And besides, there is this also to be said; that he who is not restrained by the judgments in sight, much less will he be restrained by those others. For the less reasonable sort, and those of a grosser disposition, are wont to be sobered rather by things which are at hand, and straightway to happen, than by such as will come to pass a long time after. “But over us,” one may say, “a greater fear is suspended, and herein were they wronged.” By no means. For first, there are not the same measuresset to us as to them, but much greater for us. Now they that have undertaken greater labors, ought to enjoy greater help. And it is no little help, that our fear has been increased. And if we have an advantage over them in knowing things to come, they have an advantage over us in that the severe punishments are presently laid upon them.
But there is something else, which the multitude say with respect to this also. For “where,” say they, “is God’s justice, when any one for sinning here, is punished both here and there?” Would ye then I should put you in mind of your own sayings, that ye may no longer give us trouble, but furnish the solution from within yourselves. I have heard many of our people, if haply they were told of a murderer cut off in a court of justice, how they had indignation, and talked in this way: “This unholy and accursed wretch, having perpetrated thirty murders, or even many more, hath himself undergone one death only; and where is the justice of it?” So that ye yourselves confess, that one death is not sufficient for punishment; how give ye then an opposite sentence now. Because not others but yourselves are the objects of your judgment: so great a hindrance is self-love to our perceiving what is just. Because of this, when we are judging others, we search out all things with strictness, but when we are sitting in judgment on ourselves, we are blinded. Since if we were to search into these things in our own case too, as we do with regard to other men, we should give an uncorrupt sentence. For we also have sins, deserving not two or three, but ten thousand deaths. And to pass over all the rest, let us recollect ourselves, as many of us as partake unworthily of the mysteries; such men being guilty of the body and blood of Christ. Wherefore, when thou art talking of the murderer, take account of thyself also. For he indeed hath murdered a man, but thou art under the guilt of slaying the Lord; and he, not having partaken of mysteries, but we, while enjoying the benefit of the sacred table.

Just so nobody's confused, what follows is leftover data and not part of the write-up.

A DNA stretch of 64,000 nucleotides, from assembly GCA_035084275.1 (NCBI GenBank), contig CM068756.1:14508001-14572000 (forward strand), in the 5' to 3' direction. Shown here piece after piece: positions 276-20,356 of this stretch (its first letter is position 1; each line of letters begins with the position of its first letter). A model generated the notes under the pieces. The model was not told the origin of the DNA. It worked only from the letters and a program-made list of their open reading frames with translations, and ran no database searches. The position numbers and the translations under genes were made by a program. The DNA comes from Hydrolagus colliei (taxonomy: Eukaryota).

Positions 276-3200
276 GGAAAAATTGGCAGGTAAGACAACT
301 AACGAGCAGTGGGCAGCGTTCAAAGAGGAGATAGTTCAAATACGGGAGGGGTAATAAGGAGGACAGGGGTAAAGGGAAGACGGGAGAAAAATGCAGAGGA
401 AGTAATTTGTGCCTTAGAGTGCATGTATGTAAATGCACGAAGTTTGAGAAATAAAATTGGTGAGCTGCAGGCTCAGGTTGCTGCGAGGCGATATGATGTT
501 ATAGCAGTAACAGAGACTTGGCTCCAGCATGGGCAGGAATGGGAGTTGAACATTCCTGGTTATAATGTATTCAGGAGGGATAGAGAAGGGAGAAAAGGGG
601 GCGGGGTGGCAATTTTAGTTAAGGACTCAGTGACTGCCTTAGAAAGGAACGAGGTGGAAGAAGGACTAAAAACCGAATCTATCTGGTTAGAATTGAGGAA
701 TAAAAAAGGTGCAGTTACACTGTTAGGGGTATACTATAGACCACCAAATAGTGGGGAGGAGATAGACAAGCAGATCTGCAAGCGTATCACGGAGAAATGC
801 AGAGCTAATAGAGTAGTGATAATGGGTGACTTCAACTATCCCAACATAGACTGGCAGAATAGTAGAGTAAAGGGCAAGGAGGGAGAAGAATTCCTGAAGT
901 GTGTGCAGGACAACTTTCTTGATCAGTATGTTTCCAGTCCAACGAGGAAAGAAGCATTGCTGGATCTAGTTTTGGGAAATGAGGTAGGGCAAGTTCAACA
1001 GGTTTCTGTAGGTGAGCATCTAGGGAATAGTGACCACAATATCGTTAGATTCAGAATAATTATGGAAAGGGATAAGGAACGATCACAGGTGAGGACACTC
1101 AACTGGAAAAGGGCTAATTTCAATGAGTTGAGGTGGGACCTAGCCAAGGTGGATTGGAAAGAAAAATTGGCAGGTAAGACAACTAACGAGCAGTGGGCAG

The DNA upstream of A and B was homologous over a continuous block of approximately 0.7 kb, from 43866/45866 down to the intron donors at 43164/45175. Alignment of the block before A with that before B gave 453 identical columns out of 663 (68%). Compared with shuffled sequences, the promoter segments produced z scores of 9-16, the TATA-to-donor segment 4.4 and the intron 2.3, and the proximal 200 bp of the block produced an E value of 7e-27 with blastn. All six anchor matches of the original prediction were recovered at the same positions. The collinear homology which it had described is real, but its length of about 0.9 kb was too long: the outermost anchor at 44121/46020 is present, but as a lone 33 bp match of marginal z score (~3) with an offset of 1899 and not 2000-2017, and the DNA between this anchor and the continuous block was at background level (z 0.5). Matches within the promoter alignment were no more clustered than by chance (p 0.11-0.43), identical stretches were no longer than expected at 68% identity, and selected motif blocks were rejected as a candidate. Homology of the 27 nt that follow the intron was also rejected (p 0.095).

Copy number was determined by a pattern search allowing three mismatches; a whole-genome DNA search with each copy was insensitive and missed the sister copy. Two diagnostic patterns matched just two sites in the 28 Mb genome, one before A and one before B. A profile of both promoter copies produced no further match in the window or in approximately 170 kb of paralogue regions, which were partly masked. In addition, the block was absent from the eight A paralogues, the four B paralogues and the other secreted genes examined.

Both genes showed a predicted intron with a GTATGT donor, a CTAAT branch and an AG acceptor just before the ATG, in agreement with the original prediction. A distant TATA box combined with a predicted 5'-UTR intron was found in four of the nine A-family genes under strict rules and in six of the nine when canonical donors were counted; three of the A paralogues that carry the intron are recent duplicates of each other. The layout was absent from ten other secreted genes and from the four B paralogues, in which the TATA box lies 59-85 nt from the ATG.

And what are they that bite and devour their brethren, and pour out such abundance of venom? What is he that robs the poor of their food? For if he who imparts not of his own, is such as I have said, much more he that takes the things of others. How many robbers do the covetous surpass in wickedness! how many murderers and robbers of tombs, the rapacious! and how many after spoiling men are desirous even of their blood!
“Nay,” saith he, “God forbid.” Now thou sayest, God forbid. When thou hast an enemy, then say, God forbid, and call to mind what hath been said, and show forth a life full of great strictness; lest the portion of Sodom await us also, lest we suffer the lot of Gomorrha, lest we undergo the ills of the Tyrians and Sidonians; or rather, lest we offend Christ, which were a thing more grievous and more to be feared than all.
For though to many hellseem to be a fearful thing, yet I for my part will not cease continually to say, that this is more grievous and fearful than any hell; and you I entreat to be of the same mind. For so shall we both be delivered from hell, and enjoy the glory that is bestowed of Christ; unto which may we all attain, by the grace and love towards man of our Lord Jesus Christ, to whom be glory and might forever and ever. Amen.
- [R.V., “Of the Christ,” as in nearly all authorities, but Chrysostom reads το Ιησο.—R.]
- [R.V., “by his disciples,” but some ancient authorities (Vulgate also) support “two.” Taken from Luke vii. 19.—R.]
- [R.V., “He that cometh.”]
- Matt. xi. 2, 3.
- Luke vii. 18.
- John i. 27.
- John i. 33.
- Matt. iii. 14.
- John iii. 30.
- Matt. iii. 11.
- John i. 29. [R.V., “Or, beareth the sin,” etc.]
- [οκ ν αυτ δξαν περιθηκε.]
- John iii. 26.
- John iii. 25. [R.V., “with a Jew.” So one ms. here. In Homily XXIX. on John, Chrysostom distinctly accepts the singular, as do nearly all Greek mss.—R.]
- Matt. ix. 14.
- Matt. xi. 3.
- Luke vii. 21.
- Matt. iv. 5.
- Matt. xi. 6. [R.V., “shall find none occasion of stumbling in me.”]
- John viii. 13. [R.V., “witness.”]
- See Origen, 2 Hom. in Reg. t. ii. p. 495, 6; St. Ambr. in Luc. vii. 19; St. Jerome in loc. [The Greek term used is “Hades,” not “Gehenna.”—R.]
- John i. 29.
- Col. ii. 14. [Comp. R.V., in loco.]
- Matt. iii. 11.
- Matt. xi. 9.
- Isa. liii. 7.
- Isa. xi. 10.
- Isa. liii. 12.
- Isa. liii. 8, from LXX.
- Ps. ii. 1, 2.
- Ps. xxii. 16.
- Ps. xxii. 18.
- Ps. lxix. 21.
- [ε τν δν.]
- 1 Cor. xiv. 20.
- Ps. vi. 5 [ἅδ].
- Ps. cvii. 16.
- Matt. x. 15.
- Deut. vi. 4.
- John xv. 22. [R.V., “excuse.”]
- Phil. ii. 10, 11.
- 1 Cor. xv. 26.
- Rom. ii. 12.
- Rom. ii. 12.
- Rom. i. 18.
- Rom. ii. 8, 9.
- [γεννη, and so throughout the paragraph.—R.]
- The words in italics, both here and below, are omitted in several mss.
- [γεννα, and similarly throughout the paragraph.—R.]